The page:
Earlier this week, we gathered a collection of asset class experts in London to give us their views on the latest key trends in European private debt. The results of this roundtable discussion will soon be shared in full but, in the meantime, we can relate a few of the observations.
It won’t come as any surprise to learn there are concerns. In recent interviews with LPs, we have been asking whether they see any signs of crisis-period excesses in today’s market and it’s clear – from this conversation, for example – that some certainly do.
During the roundtable, reasons were given why investors are thinking back to those apocalyptic days. The level of competition is considered to be intense and coming not just from new private debt managers but also from border raids from outside the asset class – hedge funds have been particularly active in parts of the market.
One participant mentioned that fund investment period extensions are being increasingly granted, often adding around an extra 18 months to a typical original timeframe of between three and five years as GPs seek refuge from a heated market by buying themselves more time. LPs initially pushed back but many are now relenting.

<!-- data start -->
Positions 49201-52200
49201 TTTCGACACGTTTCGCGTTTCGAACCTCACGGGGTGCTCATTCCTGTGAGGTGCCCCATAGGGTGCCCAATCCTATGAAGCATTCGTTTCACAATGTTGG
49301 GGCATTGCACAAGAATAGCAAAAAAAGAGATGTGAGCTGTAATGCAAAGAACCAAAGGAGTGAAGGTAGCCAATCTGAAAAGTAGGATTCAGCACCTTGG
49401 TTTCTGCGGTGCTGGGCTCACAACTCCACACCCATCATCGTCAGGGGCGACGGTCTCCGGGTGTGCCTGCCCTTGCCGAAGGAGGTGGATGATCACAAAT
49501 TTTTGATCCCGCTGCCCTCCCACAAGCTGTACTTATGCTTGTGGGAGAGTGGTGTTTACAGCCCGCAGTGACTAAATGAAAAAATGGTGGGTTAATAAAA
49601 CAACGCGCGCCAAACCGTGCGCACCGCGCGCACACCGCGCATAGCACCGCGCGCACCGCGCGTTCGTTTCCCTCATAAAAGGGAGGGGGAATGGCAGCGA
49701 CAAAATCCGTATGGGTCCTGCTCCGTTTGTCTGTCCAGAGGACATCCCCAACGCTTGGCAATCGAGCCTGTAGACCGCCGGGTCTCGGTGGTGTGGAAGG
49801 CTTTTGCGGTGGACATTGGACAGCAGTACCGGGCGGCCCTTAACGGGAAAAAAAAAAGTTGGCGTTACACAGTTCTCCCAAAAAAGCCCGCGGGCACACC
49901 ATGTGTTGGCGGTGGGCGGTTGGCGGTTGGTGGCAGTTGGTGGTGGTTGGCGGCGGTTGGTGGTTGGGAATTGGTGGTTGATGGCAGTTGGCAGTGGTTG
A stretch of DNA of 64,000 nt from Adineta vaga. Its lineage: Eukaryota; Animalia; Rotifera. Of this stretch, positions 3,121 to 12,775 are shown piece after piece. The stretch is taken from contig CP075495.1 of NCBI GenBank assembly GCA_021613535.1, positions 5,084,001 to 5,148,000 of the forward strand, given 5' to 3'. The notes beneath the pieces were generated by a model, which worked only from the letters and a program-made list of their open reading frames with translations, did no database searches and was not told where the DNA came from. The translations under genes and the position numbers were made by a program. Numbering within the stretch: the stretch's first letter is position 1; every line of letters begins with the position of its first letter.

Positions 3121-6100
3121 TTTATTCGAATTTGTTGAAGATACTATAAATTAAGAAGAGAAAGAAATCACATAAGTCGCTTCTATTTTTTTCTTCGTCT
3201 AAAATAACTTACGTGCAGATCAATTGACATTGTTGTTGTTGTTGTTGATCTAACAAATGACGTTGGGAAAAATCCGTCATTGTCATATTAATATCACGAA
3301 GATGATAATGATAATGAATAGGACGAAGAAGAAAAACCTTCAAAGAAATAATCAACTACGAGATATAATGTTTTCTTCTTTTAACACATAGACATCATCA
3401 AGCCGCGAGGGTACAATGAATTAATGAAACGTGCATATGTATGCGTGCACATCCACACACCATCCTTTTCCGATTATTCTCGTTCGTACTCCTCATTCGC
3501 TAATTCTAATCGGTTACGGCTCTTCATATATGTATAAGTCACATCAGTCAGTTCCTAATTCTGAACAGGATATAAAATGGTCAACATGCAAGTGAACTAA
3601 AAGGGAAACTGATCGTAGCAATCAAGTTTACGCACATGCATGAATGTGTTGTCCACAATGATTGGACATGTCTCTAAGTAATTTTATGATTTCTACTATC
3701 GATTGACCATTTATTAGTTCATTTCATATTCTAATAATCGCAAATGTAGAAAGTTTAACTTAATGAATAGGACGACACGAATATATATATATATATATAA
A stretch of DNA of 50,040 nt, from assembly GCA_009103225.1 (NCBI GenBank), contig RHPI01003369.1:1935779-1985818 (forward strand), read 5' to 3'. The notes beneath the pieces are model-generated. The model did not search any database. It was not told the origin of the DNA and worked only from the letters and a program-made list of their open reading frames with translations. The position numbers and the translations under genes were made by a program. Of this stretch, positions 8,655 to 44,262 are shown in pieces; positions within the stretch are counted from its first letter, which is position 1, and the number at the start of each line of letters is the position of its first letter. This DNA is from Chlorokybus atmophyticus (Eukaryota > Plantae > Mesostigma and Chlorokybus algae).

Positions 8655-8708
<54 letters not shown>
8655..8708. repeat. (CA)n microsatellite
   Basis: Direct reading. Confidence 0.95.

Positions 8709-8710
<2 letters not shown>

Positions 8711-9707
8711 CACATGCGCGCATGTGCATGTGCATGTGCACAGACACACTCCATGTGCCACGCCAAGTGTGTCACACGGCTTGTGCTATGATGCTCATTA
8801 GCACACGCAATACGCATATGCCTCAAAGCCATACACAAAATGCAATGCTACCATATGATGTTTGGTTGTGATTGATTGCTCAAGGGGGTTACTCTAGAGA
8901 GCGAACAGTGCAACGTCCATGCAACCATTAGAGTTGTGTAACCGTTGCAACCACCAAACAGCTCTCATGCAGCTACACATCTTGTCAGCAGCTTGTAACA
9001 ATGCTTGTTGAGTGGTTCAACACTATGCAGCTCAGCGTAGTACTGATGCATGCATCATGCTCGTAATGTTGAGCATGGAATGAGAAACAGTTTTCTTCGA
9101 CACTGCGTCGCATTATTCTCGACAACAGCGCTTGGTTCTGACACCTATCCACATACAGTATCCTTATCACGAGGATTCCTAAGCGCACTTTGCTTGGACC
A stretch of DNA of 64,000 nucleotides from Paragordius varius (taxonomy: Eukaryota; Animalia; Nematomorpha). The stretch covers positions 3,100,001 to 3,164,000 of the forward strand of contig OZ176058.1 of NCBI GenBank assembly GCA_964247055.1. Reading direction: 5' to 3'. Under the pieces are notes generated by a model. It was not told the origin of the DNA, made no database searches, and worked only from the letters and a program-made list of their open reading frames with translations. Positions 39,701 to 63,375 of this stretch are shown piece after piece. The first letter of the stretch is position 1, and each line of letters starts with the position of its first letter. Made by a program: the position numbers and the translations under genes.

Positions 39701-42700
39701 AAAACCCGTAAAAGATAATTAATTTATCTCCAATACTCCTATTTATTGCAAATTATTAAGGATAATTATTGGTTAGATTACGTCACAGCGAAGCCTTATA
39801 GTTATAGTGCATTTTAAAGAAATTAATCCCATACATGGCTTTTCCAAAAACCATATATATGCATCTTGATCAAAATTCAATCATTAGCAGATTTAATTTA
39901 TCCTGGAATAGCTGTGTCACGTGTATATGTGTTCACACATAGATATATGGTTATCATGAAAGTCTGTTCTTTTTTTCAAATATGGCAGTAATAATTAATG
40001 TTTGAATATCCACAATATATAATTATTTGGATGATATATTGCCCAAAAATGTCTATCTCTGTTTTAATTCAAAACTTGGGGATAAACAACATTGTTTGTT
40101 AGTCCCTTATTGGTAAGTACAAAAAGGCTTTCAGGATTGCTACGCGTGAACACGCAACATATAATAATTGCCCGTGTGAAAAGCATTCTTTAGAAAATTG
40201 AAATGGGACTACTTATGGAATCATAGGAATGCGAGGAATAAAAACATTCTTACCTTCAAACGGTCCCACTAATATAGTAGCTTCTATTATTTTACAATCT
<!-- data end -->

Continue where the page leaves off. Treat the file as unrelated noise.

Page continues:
Again, no surprise that they are. Deal terms are very aggressive and, with covenants fast disappearing (and ‘lite’ and ‘loose’ making their way steadily down the deal size ladder), the point was made that cashflow issues could soon be seen in some businesses – and with an accompanying shock factor produced by the absence of any meaningful early-warning system.
The UK was cited as a market where problems may hit sooner than elsewhere given the prolonged uncertainly around Brexit and growing inflationary pressures – especially in the consumer-facing industries that many lenders are heavily exposed to in the country. And the UK, remember, is by some margin Europe’s largest private debt market.
There was some optimism expressed, not least around leverage levels – considered to be conservative compared with the pre-GFC years. This has been enabled by very large equity cushions in many deals, meaning that risk has arguably been nudged more to the equity than the debt side of the equation.
Equally, there was scepticism around definitions of EBITDA and a sense that the debt/EBITDA multiple is subject to manipulation and little more than a form of smoke and mirrors in extreme cases.
With increasing recognition that a turn in the cycle is unlikely to be far away, there is some anticipation of whether/how the asset class may be reshaped as a consequence. One prediction is that responsibilities within fund managers may become more siloed/specialised as the difficulty of combining restructuring and recovery work with new deal activity becomes difficult to reconcile.
A second, intriguing suggestion is that the yet-nascent private debt secondary market may receive a boost as funds finding themselves unlikely to hit return targets look to sell out rather than fight losing battles. Herein lies an important point: a downturn could help certain parts of the asset class to flourish. In private debt, someone’s challenge is another’s opportunity.
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